Art21 Extended Play

Cindy Sherman | Mannequins & Masks

Surveying some of the props she’s used over the years, including masks and mannequin parts, artist Cindy Sherman demonstrates how she uses stand-ins to gauge the focus and composition of her images.

In self-reflexive photographs and films, Cindy Sherman invents myriad guises, metamorphosing from Hollywood starlet to clown to society matron. Often with the simplest of means—a camera, a wig, makeup, an outfit—Sherman fashions ambiguous but memorable characters that suggest complex lives lived out of frame. Sherman’s investigations have a compelling relationship to public images, from kitsch (film stills and centerfolds) to art history (Old Masters and Surrealism) to green-screen technology and the latest advances in digital photography.

Cindy Sherman is featured in the Season 5 (2009) episode Transformation of the Art:21—Art in the Twenty-First Century television series on PBS.

VIDEO | Producer: Wesley Miller & Nick Ravich. Interview: Susan Sollins. Camera: Joel Shapiro. Sound: Roger Phenix. Editor: Lizzie Donahue & Paulo Padilha. Artwork Courtesy: Cindy Sherman.


  1. Pingback: Halvard Halvorsen’s tumblelog » Cindy Sherman | Mannequins & Masks | Art21 Blog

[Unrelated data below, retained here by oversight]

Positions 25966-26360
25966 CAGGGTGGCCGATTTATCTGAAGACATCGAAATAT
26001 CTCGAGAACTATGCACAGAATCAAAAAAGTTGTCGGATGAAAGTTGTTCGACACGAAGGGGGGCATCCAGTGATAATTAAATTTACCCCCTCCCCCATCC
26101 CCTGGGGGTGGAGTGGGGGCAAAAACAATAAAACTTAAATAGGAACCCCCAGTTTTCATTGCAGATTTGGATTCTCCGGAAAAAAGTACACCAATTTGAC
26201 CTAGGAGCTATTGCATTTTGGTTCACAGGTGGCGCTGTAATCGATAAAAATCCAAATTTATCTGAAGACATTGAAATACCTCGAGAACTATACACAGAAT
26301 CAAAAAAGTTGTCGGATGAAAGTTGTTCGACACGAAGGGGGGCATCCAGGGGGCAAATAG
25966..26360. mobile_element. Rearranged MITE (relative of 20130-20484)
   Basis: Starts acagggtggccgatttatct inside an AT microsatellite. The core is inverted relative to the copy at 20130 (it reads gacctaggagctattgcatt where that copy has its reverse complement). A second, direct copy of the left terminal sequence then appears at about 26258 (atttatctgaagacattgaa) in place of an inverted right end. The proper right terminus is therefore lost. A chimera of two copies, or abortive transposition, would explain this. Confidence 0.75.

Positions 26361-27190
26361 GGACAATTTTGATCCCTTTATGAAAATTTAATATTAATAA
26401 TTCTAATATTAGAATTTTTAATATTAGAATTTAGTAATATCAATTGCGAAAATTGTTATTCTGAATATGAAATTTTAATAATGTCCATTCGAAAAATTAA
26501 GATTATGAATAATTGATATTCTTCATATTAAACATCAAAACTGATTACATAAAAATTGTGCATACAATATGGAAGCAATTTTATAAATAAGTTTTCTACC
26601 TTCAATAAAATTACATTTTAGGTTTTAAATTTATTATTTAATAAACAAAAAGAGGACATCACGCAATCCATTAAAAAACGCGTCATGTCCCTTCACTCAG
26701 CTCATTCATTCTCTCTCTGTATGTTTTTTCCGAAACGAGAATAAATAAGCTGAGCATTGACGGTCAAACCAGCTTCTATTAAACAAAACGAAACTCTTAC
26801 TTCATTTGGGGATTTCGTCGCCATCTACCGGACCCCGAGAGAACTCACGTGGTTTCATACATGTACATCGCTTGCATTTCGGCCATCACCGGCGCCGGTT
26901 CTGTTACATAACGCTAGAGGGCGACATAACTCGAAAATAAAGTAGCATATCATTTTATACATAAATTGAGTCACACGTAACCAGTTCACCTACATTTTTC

2. Some of those mannequin heads are a little creepy! She seems very reflective and like someone who cares a lot about her work!

  3. Thats some creapy stuff to have about your house, you wouldn’t want to watch a scary movie then walk into that room :o/

  4. There’s something about Mannequins & Masks that is both visually appealing and utterly frightening in the same breath. Still, each to their own art as they say!

  5. This will really creep me out if I see those heads glaring at night. But that is such an amazing talent she got there. How her imagination works out. It’s like an art turned out from those bunch of pieces on that studio. I want to be imaginative as well but lesser on the creepy side. 🙂

  6. Contemporary art can be or not to accepted. It’s a small world of the artist, who trying to convey the essence of thought. Thrills can be, as you see, to get even when viewing artwork.

  7. That is a true art form. I’ve been a stained glass artist for years now and I know the work that goes into these things with the attention to detail must be exhaustive.

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